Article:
The largest mass internment of an ethnic-religious minority since World War II has persisted despite global condemnation.
For years, Uighurs, a mostly Muslim ethnic minority, have been thrown into concentration camps in the Xinjiang region in northwestern China under the guise of fighting religious extremism. However, the inhumane practices by the Chinese government constitute genocide under the UN definition.
What is happening to the Uighurs?
Xinjiang, where about 11 million Uighurs and other Muslim minorities live, is an autonomous region in China that borders Kazakhstan, Kyrgyzstan, and Mongolia. It is a resource-rich area of strategic importance to China’s trillion-dollar infrastructure project. The Chinese government encouraged migration into the Xinjiang region and began suppressing the Uighur people who are culturally and ethnically distinct from the rest of China’s population.
The list of human rights abuses toward the Uighur community is extensive: forced family separations, psychological indoctrination, waterboarding, compulsory abortions and sterilization, rape, forced labor, and many other horrible practices.
Source: Guardian News/Youtube
The mass imprisonment and torture of Uighurs has recently taken center stage. Drone footage from late July 2020 revealed the persistent detainment and torture of the Uighur people as Chinese officials continue to deny and cover up the abuse.
Over 190 organizations across 36 countries have united to demand that big brands and retailers cut all ties with suppliers using Uighur forced labor. The coalition of organizations, End Uyghur Forced Labor, blasted the whole apparel and fashion industry for perpetuating Uighur forced labor. Around one in five cotton garments sold globally contains cotton and/or yarn from the Xinjiang region.
Recent investigations by The New York Times, The Wall Street Journal, Axios, and others have linked China’s Uighur labor camps to major fashion retailers, including Adidas, Lacoste, H & M, Abercrombie & Fitch, Ralph Lauren and the PVH Corporation, which owns labels including Tommy Hilfiger and Calvin Klein.
“Many brands have known for years about the growing body of evidence around Uighur exploitation,” said Peter Irwin, a spokesman for the Uyghur Human Rights Project. “They won’t stop unethical sourcing practices unless they are faced with real reputational risk and the possibility that consumers will stop shopping from their stores.”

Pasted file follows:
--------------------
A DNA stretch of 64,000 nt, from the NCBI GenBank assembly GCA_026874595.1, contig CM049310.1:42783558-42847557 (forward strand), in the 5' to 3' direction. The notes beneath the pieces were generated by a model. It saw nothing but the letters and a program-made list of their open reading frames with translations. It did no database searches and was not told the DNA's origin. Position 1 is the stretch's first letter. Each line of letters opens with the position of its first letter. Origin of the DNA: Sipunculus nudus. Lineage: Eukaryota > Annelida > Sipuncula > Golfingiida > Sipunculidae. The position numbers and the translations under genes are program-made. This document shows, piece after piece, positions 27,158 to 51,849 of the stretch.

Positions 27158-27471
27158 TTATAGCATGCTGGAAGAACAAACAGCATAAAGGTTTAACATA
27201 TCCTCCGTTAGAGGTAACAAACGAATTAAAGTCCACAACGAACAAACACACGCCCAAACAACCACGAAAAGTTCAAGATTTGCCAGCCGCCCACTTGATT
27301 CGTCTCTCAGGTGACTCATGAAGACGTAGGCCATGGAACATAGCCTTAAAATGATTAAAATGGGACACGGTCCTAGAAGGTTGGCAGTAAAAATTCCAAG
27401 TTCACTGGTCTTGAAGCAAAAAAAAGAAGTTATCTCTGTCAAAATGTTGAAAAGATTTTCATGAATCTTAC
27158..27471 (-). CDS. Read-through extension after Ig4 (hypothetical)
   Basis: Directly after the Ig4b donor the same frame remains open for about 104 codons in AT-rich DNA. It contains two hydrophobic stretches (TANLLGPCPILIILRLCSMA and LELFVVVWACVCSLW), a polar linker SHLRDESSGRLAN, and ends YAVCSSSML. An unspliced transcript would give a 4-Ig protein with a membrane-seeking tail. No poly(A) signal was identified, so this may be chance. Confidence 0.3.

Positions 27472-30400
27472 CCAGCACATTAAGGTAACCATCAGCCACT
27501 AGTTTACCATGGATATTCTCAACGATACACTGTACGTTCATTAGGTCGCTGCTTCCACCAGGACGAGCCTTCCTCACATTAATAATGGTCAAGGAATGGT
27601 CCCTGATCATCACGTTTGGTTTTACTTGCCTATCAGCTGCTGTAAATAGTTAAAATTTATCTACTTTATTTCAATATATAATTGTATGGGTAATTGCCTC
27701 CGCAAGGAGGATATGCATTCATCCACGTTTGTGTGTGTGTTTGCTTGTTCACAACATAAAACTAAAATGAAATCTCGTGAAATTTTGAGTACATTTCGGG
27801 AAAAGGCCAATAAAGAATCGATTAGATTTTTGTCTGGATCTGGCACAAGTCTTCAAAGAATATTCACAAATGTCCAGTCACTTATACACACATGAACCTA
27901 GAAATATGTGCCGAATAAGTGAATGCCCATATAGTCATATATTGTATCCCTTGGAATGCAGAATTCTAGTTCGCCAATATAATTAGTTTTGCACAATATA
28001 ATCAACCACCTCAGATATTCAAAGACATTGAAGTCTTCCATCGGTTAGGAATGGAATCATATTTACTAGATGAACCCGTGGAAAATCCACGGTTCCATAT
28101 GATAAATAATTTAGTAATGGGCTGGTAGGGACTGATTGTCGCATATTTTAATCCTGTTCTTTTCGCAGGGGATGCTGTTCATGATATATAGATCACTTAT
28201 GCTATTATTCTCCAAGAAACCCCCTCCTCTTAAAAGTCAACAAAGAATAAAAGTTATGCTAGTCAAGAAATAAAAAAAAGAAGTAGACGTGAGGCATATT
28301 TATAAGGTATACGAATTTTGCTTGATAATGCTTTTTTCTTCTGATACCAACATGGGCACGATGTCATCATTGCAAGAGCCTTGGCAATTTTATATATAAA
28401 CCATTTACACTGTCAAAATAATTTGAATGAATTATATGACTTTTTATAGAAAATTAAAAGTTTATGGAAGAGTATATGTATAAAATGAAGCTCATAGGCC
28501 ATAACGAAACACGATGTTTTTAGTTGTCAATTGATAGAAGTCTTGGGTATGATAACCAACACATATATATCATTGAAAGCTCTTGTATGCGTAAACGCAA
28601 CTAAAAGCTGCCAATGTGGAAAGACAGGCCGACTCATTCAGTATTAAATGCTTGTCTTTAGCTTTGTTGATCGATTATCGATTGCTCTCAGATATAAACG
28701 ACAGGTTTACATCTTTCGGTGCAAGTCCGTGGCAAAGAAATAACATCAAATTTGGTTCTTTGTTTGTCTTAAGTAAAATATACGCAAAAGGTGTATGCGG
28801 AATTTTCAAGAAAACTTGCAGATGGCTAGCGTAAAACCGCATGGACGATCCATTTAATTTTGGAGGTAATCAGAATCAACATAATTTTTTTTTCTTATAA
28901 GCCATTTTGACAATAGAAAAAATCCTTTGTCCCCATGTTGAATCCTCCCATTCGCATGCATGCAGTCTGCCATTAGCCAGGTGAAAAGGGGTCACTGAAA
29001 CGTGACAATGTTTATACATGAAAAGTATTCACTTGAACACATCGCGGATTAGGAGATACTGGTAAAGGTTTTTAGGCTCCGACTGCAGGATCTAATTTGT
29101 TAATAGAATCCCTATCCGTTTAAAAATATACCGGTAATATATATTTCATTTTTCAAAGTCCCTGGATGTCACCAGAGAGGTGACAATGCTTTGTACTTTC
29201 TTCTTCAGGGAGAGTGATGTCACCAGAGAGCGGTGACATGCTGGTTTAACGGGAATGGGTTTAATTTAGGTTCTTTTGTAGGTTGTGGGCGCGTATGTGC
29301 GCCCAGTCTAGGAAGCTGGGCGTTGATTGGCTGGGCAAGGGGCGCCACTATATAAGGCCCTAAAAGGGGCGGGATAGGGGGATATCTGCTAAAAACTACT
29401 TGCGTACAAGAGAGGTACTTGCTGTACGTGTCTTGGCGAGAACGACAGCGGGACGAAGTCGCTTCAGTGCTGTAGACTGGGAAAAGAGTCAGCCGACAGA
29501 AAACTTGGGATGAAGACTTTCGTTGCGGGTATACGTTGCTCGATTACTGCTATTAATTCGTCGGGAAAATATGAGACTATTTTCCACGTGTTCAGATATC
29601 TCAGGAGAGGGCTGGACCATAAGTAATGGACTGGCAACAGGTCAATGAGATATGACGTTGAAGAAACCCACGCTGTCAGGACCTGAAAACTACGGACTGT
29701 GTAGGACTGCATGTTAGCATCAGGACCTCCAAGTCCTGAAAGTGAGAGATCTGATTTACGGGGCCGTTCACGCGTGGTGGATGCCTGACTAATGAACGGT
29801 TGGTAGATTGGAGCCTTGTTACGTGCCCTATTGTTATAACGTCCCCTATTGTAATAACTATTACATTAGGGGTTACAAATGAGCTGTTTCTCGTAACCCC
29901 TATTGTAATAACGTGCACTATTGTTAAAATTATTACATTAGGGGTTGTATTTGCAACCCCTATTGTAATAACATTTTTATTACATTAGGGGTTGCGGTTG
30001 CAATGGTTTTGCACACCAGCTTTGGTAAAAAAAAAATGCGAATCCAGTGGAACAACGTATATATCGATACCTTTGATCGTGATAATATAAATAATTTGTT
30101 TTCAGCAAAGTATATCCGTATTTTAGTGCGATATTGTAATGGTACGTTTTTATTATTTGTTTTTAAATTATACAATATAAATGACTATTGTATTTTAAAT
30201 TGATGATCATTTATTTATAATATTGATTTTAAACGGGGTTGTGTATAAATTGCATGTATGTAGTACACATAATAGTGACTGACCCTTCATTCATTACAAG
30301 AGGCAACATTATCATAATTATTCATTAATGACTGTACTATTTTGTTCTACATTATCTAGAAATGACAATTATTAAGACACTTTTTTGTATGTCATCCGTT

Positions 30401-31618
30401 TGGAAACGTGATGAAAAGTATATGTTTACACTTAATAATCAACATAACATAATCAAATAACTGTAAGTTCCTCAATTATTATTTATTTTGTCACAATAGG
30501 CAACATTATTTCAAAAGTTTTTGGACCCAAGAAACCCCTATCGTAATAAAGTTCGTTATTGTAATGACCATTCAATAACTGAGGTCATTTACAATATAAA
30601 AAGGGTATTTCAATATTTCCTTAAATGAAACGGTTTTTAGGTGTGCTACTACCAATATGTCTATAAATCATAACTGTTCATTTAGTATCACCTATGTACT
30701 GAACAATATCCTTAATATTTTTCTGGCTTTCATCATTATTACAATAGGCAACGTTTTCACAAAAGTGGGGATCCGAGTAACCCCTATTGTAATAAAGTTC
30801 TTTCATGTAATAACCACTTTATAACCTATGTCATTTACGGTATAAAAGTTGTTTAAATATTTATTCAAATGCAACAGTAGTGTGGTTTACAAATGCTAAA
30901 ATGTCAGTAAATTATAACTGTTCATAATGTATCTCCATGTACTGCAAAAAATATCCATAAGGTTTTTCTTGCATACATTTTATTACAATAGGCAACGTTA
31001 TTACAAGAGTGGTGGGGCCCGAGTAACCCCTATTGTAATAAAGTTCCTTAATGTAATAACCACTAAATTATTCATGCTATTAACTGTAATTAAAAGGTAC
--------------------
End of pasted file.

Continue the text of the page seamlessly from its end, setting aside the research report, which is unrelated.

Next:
Two petitions, delivered to U.S. Custom and Border Protection in August, call on U.S. officials to ban all imports of cotton from the Chinese province of Xinjiang.
In addition to fashion companies, Uighur labor has been linked to the production of facemasks. As the coronavirus pandemic continues, Chinese companies have used Uighur labor to make personal protective equipment, much of which is then exported around the world.
In early July, Uighur exiles urged the International Criminal Court (ICC) to investigate the Chinese government for genocide and crimes against humanity. The Chinese officials have also targeted Uighurs exiles living abroad––through repatriation efforts, messages and phone calls, and threats to relatives still in China––to prevent the diaspora from speaking out.
The complaint to the ICC was the first-ever attempt to use international law to hold China accountable. While China does not accept the court’s jurisdiction, the case could still shine a brighter light on the Chinese suppression of Uighurs around the world.
Although the U.S. government has blacklisted around 50 Chinese companies based on their connections to Uighur labor camps, more actions, such as those outlined by Vox, could be taken to pressure the Chinese government to end its abuse.
Watch John Oliver’s Last Week Tonight segment on China and the Uighurs to learn more.
Sign this petition to stand up for the Uighurs.
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